CCCB President invites Canadians to oppose euthanasiaWednesday, September 23 2009
As debate begins again in our country surrounding the question of euthanasia and assisted suicide, the President of the Canadian Conference of Catholic Bishops (CCCB), Archbishop V. James Weisgerber, has recently issued a letter asking Members of Parliament and all the people of Canada to reflect on the possible consequences of Bill C-384, an Act to amend the Criminal Code (right to die with dignity).
While noting that those wishing to re-open this debate are no doubt motivated by concern for the suffering of others, the President of the CCCB casts doubt on those very motivations. “An unfortunate understanding of compassion has led them to suggest euthanizing the most vulnerable instead of providing them with proper care, effective pain control, and social, emotional and spiritual support until their natural death.”
Citing the Catechism of the Catholic Church, Archbishop Weisgerber says that it is legitimate to use medication and other means to alleviate suffering, even if a side effect can be the shortening of life expectancy. He adds however that “what is never acceptable is the direct an and intentional killing of the depressed, handicapped, sick, elderly or dying.”
In a spirit united with the Bishops of Canada, the President of the CCCB invites:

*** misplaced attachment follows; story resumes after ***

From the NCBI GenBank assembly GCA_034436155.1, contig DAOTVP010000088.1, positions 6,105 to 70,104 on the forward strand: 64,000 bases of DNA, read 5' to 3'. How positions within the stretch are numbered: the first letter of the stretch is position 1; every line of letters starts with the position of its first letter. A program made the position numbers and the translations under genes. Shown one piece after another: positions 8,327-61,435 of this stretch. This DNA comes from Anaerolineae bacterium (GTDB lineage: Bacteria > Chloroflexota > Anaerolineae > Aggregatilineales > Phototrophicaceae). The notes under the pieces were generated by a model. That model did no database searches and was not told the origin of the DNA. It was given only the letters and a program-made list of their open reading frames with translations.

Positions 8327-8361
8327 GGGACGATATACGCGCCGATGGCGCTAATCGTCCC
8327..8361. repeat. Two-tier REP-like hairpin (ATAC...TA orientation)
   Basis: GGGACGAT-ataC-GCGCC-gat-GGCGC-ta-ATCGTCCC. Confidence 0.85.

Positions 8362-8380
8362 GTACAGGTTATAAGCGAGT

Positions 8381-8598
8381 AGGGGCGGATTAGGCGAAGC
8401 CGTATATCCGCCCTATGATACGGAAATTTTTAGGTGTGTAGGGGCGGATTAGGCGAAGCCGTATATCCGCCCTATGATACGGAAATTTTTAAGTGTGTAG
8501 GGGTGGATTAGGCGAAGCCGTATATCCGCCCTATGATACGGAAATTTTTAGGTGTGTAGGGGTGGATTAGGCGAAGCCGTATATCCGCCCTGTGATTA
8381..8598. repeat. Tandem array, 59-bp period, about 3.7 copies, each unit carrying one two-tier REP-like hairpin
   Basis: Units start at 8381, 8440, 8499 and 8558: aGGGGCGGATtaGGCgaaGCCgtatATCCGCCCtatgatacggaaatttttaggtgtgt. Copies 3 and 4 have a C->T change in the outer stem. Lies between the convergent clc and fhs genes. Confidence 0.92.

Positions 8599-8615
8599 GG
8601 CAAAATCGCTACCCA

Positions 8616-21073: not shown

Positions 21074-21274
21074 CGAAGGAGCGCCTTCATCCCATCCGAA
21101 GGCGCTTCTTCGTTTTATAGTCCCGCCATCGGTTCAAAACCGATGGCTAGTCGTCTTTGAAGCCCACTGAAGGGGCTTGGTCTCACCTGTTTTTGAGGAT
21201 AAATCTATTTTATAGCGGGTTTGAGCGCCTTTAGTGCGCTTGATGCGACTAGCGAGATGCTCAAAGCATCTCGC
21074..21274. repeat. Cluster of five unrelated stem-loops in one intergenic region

- The members of the Parliament of Canada – elected representatives in the House of Commons as well as Senators – to use clear definitions in their upcoming debates, and also to consider the profound impact that such legislation would have on the lives of individuals and on the wider community;
- All Canadians to become better informed about euthanasia and assisted suicide, and to promote instead palliative and home care to help those in need and their care-givers;
- Catholics, our brothers and sisters who belong to other Christian communities or other faiths, and all who appreciate the beauty and inherent dignity of life, to engage in this debate civilly and respectfully, so as to witness a profound reverence for the inherent dignity of each and all human life.
For further information on the Catholic perspective on euthanasia and assisted suicide, consult the following: